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Overview

StatusReference proteome
Proteinsi1,528
Gene counti - Download one protein sequence per gene (FASTA)
Proteome IDiUP000001174
Taxonomy177416 - Francisella tularensis subsp. tularensis (strain SCHU S4 / Schu 4)
StrainSCHU S4 / Schu 4
Last modifiedJune 23, 2018
Genome assembly and annotationi GCA_000008985.1 from ENA/EMBL
Pan proteomei This proteome is part of the Francisella endosymbiont of Amblyomma maculatum pan proteome (fasta)

Francisella tularensis is a rod-shaped Gram-negative bacterium and is the causative agent of tularemia. Tularemia can affect both humans and animals. The subspecies tularensis (Type A) and holarctica (Type B) are the ones most commonly associated with the human disease. Its natural hosts are rabbits, hares, beavers and other rodents, as well as flies and mosquitos. The disease can be transmitted by different ways: through scratches or bites from animals, through consumption of contaminated meat or water or through inhalation of bacteria. The symptoms developed by infected people directly reflect the mode of transmission: pneumonia-like illness for the airborne transmission; throat infection, stomach pain, diarrhea and vomiting for the gastrointestinal transmission; apparition of a sore at the entry point of the bacteria and swelling of the draining lymph nodes for transmission via skin wounds. Tularemia can be treated with antibiotics, but without therapy the mortality rate of respiratory tularemia can be as high as 5-30%. F.tularensis is very infectious and ten cells are sufficient to cause infection in humans. The bacterium can survive for weeks at low temperatures in water, soil or animal carcasses. During World War II, the use of F.tularensis as a biological weapon was studied by Japan, Soviet Union and USA.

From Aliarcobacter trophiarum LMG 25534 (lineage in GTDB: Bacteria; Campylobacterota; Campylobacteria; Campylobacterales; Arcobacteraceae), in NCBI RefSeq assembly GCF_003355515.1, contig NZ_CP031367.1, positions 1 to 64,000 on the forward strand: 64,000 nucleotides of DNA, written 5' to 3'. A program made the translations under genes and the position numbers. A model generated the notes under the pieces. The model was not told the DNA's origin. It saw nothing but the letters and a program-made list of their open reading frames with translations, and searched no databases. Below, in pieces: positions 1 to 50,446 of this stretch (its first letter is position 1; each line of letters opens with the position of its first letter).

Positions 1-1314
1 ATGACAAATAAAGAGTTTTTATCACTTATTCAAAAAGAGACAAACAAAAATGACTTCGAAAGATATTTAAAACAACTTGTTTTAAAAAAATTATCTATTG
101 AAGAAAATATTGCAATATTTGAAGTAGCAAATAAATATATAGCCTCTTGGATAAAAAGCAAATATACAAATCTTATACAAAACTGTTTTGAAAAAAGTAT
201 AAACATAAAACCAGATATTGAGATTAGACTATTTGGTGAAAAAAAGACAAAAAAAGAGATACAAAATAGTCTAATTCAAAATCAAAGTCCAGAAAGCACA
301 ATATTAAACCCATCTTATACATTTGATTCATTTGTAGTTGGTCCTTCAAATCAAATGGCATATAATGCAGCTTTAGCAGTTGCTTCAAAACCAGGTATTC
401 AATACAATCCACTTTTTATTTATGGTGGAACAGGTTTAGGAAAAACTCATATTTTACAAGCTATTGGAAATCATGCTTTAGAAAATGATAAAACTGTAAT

Strain Schu S4 was isolated from a human source in 1941 in the USA.

Componentsi

Component nameGenome Accession(s)
Proteins
Chromosome1528
UniProt is an ELIXIR core data resource
Main funding by: National Institutes of Health

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